Wednesday, February 5, 2014

Fungus Forest: El Ultimo Grito

Robert Boyd

In the science fiction graphic novel Nausicaä of the Valley of the Wind, most of the world is covered with a highly toxic forest of bizarre gigantic fungi. The artist, Hayao Miyazaki, visualized this forest as a beautiful place with towering forms that look like microscopic fungi made enormous. The scenes set in the forest are the most stunning images in a manga full of arresting artwork.

Hiyao Miyazaki, Nausicäa of the Valley of the Wind volume 1, page 6, bottom panel, 1982

I was reminded of these forest images when I saw Garden Object by the team of Rosario Hurtado and Roberto Feo, who call their design studio El Ultimo Grito. The artists call Garden Object a combination between an English garden and The Garden of Earthly Delights by Hieronymus Bosch. The colors of the installation were chosen from The Garden of Earthly Delights.

Hieronymus Bosch, The Garden of Earthly Delights, 1490-1510, oil on wood panels

I can see the idea of a creating a bizarre environment or setting like the Bosch painting, but Garden Object differs in a fundamental way from its inspiration. El Ultimo Grito have created towering tree-like structures. Viewers find themselves in a forest-like environment, which is why I thought of Nausicäa of the Valley of the Wind. But the first two panels of  The Garden of Earthy Delights is set on a lawn more than a forest. Garden Object encases the viewer from the top. It's not quite a forest canopy, but the structures do tower over the viewers.

El Ultimo Grito, Garden Object, 2014, mixed media

El Ultimo Grito, Garden Object, 2014, mixed media

The colorful patterns on each of the stalks were made with circular stickers, custom printed for this show. Each sticker has parallel bands of color. Despite the highly geometric pattern that is obviously mass-produced, when the stickers are affixed on an irregular surface overlapping one another, with random orientations, they start to look almost organic. The intense color mitigates this.

El Ultimo Grito, Garden Object stickers, 2014, mixed media

And the funny thing about the stickers is that while from a distance they create a semi-random pattern and seem like elements of pure color, when you look closely at them, each one contains a signature of sorts--a line of text that reads "EL ULTIMO GRITO @ RICE GALLERY 2014."

The use of stickers is interesting and ironic. Their work often involves working in public places. When I think of stickers in public places, I think of visual pollution as people ranging from street artists to marketers cover every flat surface capable of being stuck to with crap, while shop owners and municipal workers perpetually labor to scrape them off. El Ultimo Grito take what is a minor street nuisance and turn it into an integral part of their public artwork.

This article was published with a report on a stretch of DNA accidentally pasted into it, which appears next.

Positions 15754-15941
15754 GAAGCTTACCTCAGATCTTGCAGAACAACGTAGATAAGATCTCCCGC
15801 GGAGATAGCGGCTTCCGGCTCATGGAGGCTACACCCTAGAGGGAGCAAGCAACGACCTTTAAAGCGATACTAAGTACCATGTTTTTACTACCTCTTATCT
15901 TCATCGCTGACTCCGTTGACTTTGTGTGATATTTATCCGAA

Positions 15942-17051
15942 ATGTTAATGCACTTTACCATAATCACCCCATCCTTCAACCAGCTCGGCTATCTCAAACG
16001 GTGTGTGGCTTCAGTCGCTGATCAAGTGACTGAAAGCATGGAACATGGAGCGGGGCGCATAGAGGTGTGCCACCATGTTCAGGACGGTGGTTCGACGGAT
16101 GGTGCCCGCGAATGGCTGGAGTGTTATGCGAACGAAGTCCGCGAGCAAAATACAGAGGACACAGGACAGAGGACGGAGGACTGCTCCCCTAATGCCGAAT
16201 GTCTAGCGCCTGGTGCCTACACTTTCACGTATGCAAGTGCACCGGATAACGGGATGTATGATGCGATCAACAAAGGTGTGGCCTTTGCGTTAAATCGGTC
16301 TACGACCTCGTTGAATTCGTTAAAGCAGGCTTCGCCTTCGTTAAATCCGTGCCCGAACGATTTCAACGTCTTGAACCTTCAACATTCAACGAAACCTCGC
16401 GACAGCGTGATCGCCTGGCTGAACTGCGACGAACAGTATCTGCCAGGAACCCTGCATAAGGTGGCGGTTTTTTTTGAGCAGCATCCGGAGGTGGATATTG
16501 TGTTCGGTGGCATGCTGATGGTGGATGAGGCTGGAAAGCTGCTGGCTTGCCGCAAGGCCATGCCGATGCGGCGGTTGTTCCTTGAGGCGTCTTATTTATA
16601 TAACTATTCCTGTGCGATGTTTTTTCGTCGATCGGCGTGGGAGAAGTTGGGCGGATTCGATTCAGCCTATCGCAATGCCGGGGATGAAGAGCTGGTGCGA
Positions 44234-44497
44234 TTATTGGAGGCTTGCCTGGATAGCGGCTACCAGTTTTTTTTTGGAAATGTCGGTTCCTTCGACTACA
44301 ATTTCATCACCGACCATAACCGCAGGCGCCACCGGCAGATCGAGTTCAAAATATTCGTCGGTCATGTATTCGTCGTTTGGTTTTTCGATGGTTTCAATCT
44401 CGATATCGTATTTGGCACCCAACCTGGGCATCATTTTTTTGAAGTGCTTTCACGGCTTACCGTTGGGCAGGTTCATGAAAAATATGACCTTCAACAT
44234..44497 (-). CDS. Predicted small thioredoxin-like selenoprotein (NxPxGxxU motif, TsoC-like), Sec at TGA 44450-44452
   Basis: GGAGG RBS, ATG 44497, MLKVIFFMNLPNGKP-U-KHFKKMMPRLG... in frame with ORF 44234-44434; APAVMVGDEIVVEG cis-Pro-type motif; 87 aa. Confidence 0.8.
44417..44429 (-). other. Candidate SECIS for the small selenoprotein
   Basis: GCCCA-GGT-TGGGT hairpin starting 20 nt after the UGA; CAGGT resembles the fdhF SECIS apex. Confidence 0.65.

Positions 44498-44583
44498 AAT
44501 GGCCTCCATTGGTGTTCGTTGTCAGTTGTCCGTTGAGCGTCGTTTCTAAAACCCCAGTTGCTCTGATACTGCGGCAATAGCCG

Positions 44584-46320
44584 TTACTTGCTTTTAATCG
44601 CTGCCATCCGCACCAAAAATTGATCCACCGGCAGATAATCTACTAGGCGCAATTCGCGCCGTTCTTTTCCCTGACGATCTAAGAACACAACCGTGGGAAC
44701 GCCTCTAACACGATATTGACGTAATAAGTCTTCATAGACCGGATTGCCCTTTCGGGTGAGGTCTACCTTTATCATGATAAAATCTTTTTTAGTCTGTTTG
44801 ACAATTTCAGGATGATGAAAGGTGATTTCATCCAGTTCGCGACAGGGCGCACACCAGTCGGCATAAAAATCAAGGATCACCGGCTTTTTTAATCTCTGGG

El Ultimo Grito, Garden Object, 2014, mixed media

Several of the stalks are topped with circular forms containing video screens. The images on the screens are hummingbirds, which gives this artificial garden a little movement.

El Ultimo Grito, Garden Object, 2014, mixed media

There is a room off the main gallery which is used for a small fountain.

El Ultimo Grito, Garden Object, 2014, mixed media

Earlier work along these lines has been sited in outdoor public spaces. These structures are, in essence, elaborate park benches. They are meant to be sat upon, not just looked at.

El Ultimo Grito, installation at La Casa Encendida, Madrid, 2007 (Mocoloco)

El Ultimo Grito, Mexico City installation, 2013 (FAD)

At the Rice Gallery opening, many of the viewers tried out this functional aspect of the work. But there is something fundamentally different about this work in a gallery and the same work if it had been placed, say, outside Brochstein Pavilion. In Rice Gallery, this is an art object only. The relationship it has with its viewers is more specific and controlled than the relationship it would have as a functional piece of public art. For one thing, most of the people who see it in the gallery are people who are seeking it out--who want to see art qua art. If it had been placed outside in a quad, the interactions would have been less controlled and aestheticized.

Consequently, it is puzzling to me that it is not very different from their genuinely public pieces, such as the very similar public installation they built in Mexico City recently. What they lose by bringing it into a gallery is the broad social engagement that a more public piece has. But what they gain, as installation artists, is the ability to fully use the gallery. But they passed on that. This seems like a lost opportunity. After all, they could have put their sticker patterns on the floor, the walls, the ceiling. I hate to say what an artist should have done because they're the artists, not me. But I will. To make this installation a true environment rather than a sculpture in a grey cube, they should have done something to the floor and walls. Think for example of Gunilla Klingberg's floor and window stickers for Wheel of Everyday Life. Or Wayne White's painted floor and walls for Big Lectric Fan to Keep Me Cool While I Sleep. And there are many other examples of artists using the floors and walls in the history of this gallery.

Garden Object is beautiful and eye-catching, though. It seems ungenerous for me to fault it for not being exactly what I would have liked it to be. Despite my peevish complaints, it's worth going to see, and to sit on.

1 comment:

  1. With your delightful description, there is no need to be apologetic.